Charles McPherson talks about “microbeats” in the interview with Steve Coleman. Part of what he’s talking about is the relationship between quick duples and triples. It’s very hard to notate, and truthfully there’s no reason to attempt to notate it correctly. Indeed, any serious practitioner would complain bitterly if you handed them a chart where jazz nuance was interpreted flawlessly in terms of absolute European notation.
However, just because the rhythms are never written down, that doesn’t mean the rhythms aren’t specific. They are specific.
“Now’s the Time” is comes last in my pdf because it is the most elusive of these five solos rhythmically. It has the most triplets, and those triplets can work against the grain of the steady 4/4. A few double-time lines full of microbeat burst like fireworks against the blues background.
Of course, the rhythms need to be placed right. In general, Bird plays just a little behind the beat. We call this “laying back,” and seems to be connected to the blues.
Dramatic blues “shouts” or “cries” in any genre of American music happen slower than the accompanying tempo. Several moments on “Now’s the Time” are really late when compared to the band. (Live, whole paragraphs of Bird blues lazily soar above the accompanying rhythm section.)
Blues “shouts” are a slightly different topic than the basic feel of Bird’s line. Despite the breakneck speed of his phrases, Bird’s placement is generally just behind the beat. Just a little bit. Just a tiny, tiny bit. Talk about “microbeat!”
There are occasions when Bird is a bit ahead as well, that’s only natural. But in general Bird floats above the drums as if he’s working against a friendly puff of air giving a little bit of extra friction. This is particularly noticeable when Bird begins a phrase; the first note of every fresh utterance is “set” against the time.
This may sound paradoxical, not the least because Charlie Parker is clearly one of the most propulsive of musicians. How can one be propulsive and laid back at the same time?
Accents might be a big puzzle piece. If the accents are strong in the line, then propulsion can still happen, even if the phrasing is a bit behind the beat.
There’s a definite possibility that the more one tries to reduce this kind of ecstatic effect to the written word, the more we wander further from the truth. This whole page is perhaps misguided; I can almost feel the weight of the older generations shaking their heads in disappointment at me.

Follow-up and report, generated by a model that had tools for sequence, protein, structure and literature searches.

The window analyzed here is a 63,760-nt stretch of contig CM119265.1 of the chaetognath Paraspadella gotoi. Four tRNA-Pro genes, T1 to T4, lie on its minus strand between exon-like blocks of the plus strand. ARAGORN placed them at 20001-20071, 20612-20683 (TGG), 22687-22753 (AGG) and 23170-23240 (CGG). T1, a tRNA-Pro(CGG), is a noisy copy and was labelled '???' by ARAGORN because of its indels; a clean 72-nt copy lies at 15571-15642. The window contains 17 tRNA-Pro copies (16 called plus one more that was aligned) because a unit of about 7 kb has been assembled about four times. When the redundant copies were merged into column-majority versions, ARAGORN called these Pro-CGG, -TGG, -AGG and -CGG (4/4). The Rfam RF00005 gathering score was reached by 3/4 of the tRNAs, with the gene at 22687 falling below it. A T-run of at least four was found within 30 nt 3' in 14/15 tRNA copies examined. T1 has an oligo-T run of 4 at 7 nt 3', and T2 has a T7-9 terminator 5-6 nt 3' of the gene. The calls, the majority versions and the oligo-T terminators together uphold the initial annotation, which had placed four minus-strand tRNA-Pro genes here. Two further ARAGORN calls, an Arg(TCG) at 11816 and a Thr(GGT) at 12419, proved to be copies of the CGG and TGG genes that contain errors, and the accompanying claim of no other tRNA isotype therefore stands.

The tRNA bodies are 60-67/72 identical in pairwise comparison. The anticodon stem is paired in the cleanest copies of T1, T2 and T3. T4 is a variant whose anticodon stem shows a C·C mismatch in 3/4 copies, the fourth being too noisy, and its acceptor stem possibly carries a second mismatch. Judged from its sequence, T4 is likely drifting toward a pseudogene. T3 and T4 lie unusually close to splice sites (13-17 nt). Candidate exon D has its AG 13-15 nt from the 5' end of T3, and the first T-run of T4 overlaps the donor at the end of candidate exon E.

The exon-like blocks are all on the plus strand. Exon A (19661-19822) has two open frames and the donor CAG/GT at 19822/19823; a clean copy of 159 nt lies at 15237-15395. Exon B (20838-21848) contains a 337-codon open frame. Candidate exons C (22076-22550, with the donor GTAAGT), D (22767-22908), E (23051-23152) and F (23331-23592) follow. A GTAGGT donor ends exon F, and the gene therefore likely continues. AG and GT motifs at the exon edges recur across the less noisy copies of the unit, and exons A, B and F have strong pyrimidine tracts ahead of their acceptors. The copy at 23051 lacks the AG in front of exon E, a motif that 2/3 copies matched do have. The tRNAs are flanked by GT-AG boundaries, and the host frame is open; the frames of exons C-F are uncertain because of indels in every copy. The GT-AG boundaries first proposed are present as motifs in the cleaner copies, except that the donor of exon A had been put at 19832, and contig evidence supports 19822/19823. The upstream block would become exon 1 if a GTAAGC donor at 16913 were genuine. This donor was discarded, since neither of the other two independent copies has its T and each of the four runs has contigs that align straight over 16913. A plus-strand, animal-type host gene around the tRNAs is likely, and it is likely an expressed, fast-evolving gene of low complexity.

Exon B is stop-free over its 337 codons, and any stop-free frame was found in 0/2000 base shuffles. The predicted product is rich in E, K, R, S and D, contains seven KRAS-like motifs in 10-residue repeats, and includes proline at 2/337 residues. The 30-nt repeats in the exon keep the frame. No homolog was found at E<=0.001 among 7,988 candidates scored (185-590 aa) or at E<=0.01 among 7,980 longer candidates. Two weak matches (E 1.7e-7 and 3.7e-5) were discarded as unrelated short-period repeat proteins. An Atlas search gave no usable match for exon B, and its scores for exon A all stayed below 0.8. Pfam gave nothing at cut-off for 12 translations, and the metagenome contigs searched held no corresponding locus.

To take this in a more practical direction: Singing is probably the best way to learn some of the placement and the accents. I’ve never been around a jazz master that couldn’t instantly sing with canonical bebop records.
Anyone important in this music says things like, “Jazz is a language.” To learn this language, you need to access a little bit of literal speaking and singing voice for your own musicianship. Sing my recommended selection of 10 Charlie Parker compositions.
Moose the Mooche
Now’s the Time
Scrapple From the Apple
It is very hard to sing the pitches correctly, but truthfully the pitches are far less important than the rhythms and the accents. If you fake the pitches but can nail the rhythms and the accents, that’s perhaps good enough to get the language going.
Playing along with the records is the next step. While I scuffle through the solos at full tempo above, I may have learned more playing along with Bird at half speed or 75% speed. The slower one goes, the more obvious the placement and the microbeats.
Some people play Charlie Parker phrases in their own improvisations. There’s nothing wrong with this, but the higher space might be to learn some Bird and then not quote his language literally. Lee Konitz could play “Yardbird Suite” and “Koko.” Mark Turner has learned many solos, including famous Charlie Parker solos. Neither Lee or Mark sound like Bird.
(If you want the “Bird is the Word” PDF, sign up for Transitional Technology and email me. Sign up is free.)
(go on to part 7, “Words about Bird”)